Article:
“There’s always some element of risk because none of us can hold our breath forever and we can’t breathe [under] water, but we can learn to handle those risks safely,” says James Morgan, vice president of PADI’s Training, Sales & Field Services. “Over the [certification] course, we not only talk about what the risks are, but how to mitigate them. We go through and practice safety procedures.”
Another oft-expressed apprehension among newbies is fear of sharks, no doubt perpetuated by movies and TV. Prior to the 2016 release of The Shallows, for example, marine biologists were in such an uproar over what they felt to be mischaracterization of sharks that they sent an open letter to Columbia Pictures setting the record straight. The fact is, sharks in the wild have no interest in humans as long as they don’t feel attacked, or think you’re stealing their food.
Dive spots for beginners
Once you’re ready to dive, it’s time to start seeing reefs, shipwrecks, and sea life up close. Domestically, first-time divers love the Florida Keys, which are home to the largest barrier reef in the U.S. For non-tropical dives, Michigan, Washington State, and Missouri’s beginner-friendly underground “dive trails” all make have a reputation for travel-worthy scuba diving.
For a first adventure abroad, Cresswell recommends hitting Gili Trawangan, in Indonesia’s Gili islands, for shallow shipwrecks and a sea turtle sanctuary where divers can find the massive animals nesting among the coral, all under less than 60 feet of water.
While certification programs (and most dive shops) will typically provide most of the equipment you’ll need (air tanks, fins, and regulators), beginners should invest in a well-fitting scuba mask. Ensuring your goggles are snug will help them stay fog-free (try rinsing your lenses in baby shampoo before dives to avoid the issue altogether) so you can avoid wasting oxygen/time adjusting them. If you plan on doing any wintertime or cool water dives, consider a wetsuit that fits like a glove.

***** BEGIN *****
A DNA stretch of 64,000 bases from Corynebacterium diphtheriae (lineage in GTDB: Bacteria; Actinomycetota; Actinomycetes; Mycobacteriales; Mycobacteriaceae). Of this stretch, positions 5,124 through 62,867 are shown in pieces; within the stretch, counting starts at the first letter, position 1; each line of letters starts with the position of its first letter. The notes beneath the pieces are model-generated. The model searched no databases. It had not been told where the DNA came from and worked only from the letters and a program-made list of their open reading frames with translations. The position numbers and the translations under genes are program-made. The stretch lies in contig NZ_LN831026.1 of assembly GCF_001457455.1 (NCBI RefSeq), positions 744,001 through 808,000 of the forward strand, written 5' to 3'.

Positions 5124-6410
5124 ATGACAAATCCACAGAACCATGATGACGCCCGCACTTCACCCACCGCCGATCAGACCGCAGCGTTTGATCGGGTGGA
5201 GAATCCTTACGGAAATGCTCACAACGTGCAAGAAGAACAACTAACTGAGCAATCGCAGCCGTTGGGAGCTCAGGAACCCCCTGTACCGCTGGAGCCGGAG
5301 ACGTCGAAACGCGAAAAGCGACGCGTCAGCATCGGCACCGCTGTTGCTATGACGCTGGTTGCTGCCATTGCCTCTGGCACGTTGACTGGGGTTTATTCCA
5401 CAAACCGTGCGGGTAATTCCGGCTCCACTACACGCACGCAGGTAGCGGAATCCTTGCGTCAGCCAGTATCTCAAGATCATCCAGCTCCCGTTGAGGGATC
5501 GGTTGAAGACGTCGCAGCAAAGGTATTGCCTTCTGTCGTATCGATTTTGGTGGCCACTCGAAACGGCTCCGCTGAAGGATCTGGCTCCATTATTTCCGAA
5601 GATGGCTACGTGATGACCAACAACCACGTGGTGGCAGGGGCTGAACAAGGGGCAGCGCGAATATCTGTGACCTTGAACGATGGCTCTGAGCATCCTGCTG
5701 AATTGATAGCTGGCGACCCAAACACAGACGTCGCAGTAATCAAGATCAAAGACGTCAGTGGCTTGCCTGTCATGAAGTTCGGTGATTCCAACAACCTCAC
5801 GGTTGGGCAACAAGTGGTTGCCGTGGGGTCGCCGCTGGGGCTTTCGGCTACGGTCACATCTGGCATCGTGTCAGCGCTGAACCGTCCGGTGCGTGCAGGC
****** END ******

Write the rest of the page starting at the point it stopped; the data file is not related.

“As a beginner diver you can hire all your equipment with your dive center,” says Richard of Girls That Scuba. “However it’s always great to have your own well-fitted mask and you may also want to look into a wetsuit, especially if you are female, as it can be harder to find a wetsuit off-the-rack that will fit straight away.” Girls That Scuba offers recommendations for plus-size divers here.
Other gear to consider once you advance to greater depths includes a watch-style dive computer, which monitors water depth and dive time for you. Cresswell says the group-diving settings you often encounter while traveling can be greatly improved with one. “Everyone’s dive profiles can be slightly different, so your own personal dive computer will allow you to track your own dive and give you peace of mind,” she says. “When I first started diving a mask was my first priority, but now that I’m a more experienced diver who’s comfortable enough in the water, a dive computer is my highest priority. I never dive without one.”
Why it’s more worthwhile than ever
Scuba is considered a safe, socially distant activity you can do almost anywhere, once you get there: The coronavirus pandemic limited where many divers could go, Cresswell and Richard say, but with travel restrictions now lifting the sport remains unchanged, and is a better way than ever to sightsee on vacation, from fast-fading coral reefs to underwater museums. The pandemic has taught us that access to such sites could be cut off abruptly, and at any time.
“The most interesting thing [I’ve seen while diving] was the healthy coral reefs of Papua New Guinea. That area has more species of hard and soft corals than almost anywhere in the world. It’s like a continuous field of colorful flowers,” says Stephanie Adamson, PADI instructor and co-founder of Scuba Diver Girls. “Also, diving the preserved wrecks in the Baltic Sea was an experience like none other.”